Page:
For answers let's take a look what IBM has been doing. Initiated a massive stock buyback program and undertook an ambitious cash dividend payment scheme. Sounds familiar to Apple Inc. (NASDAQ:AAPL) investors, doesn't it?
There is no better way for Apple to distribute the spoils of its operations. Because lack of top and bottom line growth gets the wind out of its stock price sail. Take a look at the following quarterly top and bottom line growth chart for a visual clue.
The chart demonstrates that 2012 Q4 was just about the same as 2013 Q4. Basically there was no growth. But it would be a huge mistake to shun Apple Inc. (NASDAQ:AAPL) altogether. The company has a very I mean VERY healthy balance sheet. We all know that it carries a huge load of cash in its books, just over $40 billion to be precise, but there is a lot more to it than that.
Apple Inc. (NASDAQ:AAPL) has virtually no debt. OK, there is a tiny $16.9 billion debt it took on in the second quarter of this year. But there is no growth on the liabilities side and zero pressure to do so.
This is actually a better situation than it is for IBM (NASDAQ:IBM).Take a look at the following chart. It demonstrates that IBM's debt to equity ratio is about 30% versus Apple's 12%.
We also realize that there is no pressure on Apple Inc. (NASDAQ:AAPL) from a financial point of view. Apple Inc. (NASDAQ:AAPL) generates enough cash to continue with its massive share buyback program and to continue ambitious dividend payment. Take a look at the following picture to see Apple's latest cash flow numbers.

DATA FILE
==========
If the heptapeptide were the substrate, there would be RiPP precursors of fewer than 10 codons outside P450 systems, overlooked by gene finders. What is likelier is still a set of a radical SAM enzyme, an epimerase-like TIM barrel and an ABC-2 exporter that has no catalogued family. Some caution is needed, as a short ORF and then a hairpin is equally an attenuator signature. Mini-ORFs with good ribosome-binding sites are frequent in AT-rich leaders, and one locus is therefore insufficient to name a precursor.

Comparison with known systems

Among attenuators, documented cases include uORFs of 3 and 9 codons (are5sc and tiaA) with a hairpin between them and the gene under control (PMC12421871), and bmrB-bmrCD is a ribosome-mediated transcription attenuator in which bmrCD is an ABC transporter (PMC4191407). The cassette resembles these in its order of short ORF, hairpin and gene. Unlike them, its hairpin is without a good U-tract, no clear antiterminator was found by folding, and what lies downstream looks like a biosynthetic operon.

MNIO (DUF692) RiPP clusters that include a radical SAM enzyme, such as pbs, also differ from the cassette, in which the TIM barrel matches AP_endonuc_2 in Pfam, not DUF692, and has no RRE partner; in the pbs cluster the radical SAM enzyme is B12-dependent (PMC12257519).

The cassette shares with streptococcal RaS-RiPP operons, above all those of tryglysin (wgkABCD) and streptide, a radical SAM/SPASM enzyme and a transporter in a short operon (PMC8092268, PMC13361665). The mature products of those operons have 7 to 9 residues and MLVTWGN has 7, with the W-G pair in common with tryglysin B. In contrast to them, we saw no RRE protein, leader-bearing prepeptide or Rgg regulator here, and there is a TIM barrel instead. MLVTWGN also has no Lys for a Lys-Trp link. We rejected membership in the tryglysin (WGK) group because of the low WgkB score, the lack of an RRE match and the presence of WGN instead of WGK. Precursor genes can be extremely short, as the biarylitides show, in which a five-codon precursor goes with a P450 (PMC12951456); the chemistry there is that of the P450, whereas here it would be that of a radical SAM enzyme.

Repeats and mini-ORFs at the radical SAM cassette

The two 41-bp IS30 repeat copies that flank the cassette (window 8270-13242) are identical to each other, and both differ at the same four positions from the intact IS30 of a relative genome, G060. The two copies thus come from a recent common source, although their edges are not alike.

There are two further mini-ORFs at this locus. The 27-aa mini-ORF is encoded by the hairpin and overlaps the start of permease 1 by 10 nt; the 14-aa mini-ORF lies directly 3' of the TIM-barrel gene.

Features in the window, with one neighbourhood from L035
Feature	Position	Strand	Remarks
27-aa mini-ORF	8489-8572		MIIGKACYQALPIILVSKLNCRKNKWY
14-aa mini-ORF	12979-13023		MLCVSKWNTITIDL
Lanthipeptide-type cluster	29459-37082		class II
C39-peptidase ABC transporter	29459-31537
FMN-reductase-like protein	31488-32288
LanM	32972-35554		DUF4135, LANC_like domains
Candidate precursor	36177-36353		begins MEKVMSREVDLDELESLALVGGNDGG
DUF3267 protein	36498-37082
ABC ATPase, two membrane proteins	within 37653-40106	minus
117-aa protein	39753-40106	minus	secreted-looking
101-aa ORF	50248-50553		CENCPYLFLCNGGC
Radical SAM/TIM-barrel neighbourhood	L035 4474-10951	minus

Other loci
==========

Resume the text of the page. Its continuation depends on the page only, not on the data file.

Operating cash flows remain extremely robust. Apple Inc. (NASDAQ:AAPL) generated as much as $22.67 billion cash from operations in the latest quarter, a bit short of the record $23.426 billion in 2012 Q4. But even the $22.67 billion is more than enough to fund investing and financing needs.
When it comes to financing, the company has two major obligations. Cash dividend in the magnitude of $2.769 billion this quarter alone and a stock buyback amount of $4.895 billion in this quarter. According to Peter Oppenheimer, Apple’s CFO, the company has basically returned cumulative payments under the capital return program to over $43 billion.
So where did this money go? Or even better to ask, what does it have achieved? The stock price fell from $700 to $500 while the company "returned" $43 billion to shareholders. But in fact it also wiped out $173 billion in market cap. This gives that net shareholder value decreased by $130 billion in the last one and a half years.
The problem for Apple Inc. (NASDAQ:AAPL) is how to return cash from operations to shareholders. IBM (NYSE:IBM) has the same issue. The company accumulated more treasury stock than Total Liabilities & Shareholders' Equity. This is so absurd that Warren Buffet came in and bought a huge piece of the action. Intrinsic value, right? The same may happen to Apple Inc. (NASDAQ:AAPL) over time. Investors looking for top and bottom line growth driven stock price appreciation disappear and value investors step in. Don't be surprised that Apple will be a highly sought after investment in a few years. But for now, the stock price slide looks inevitable.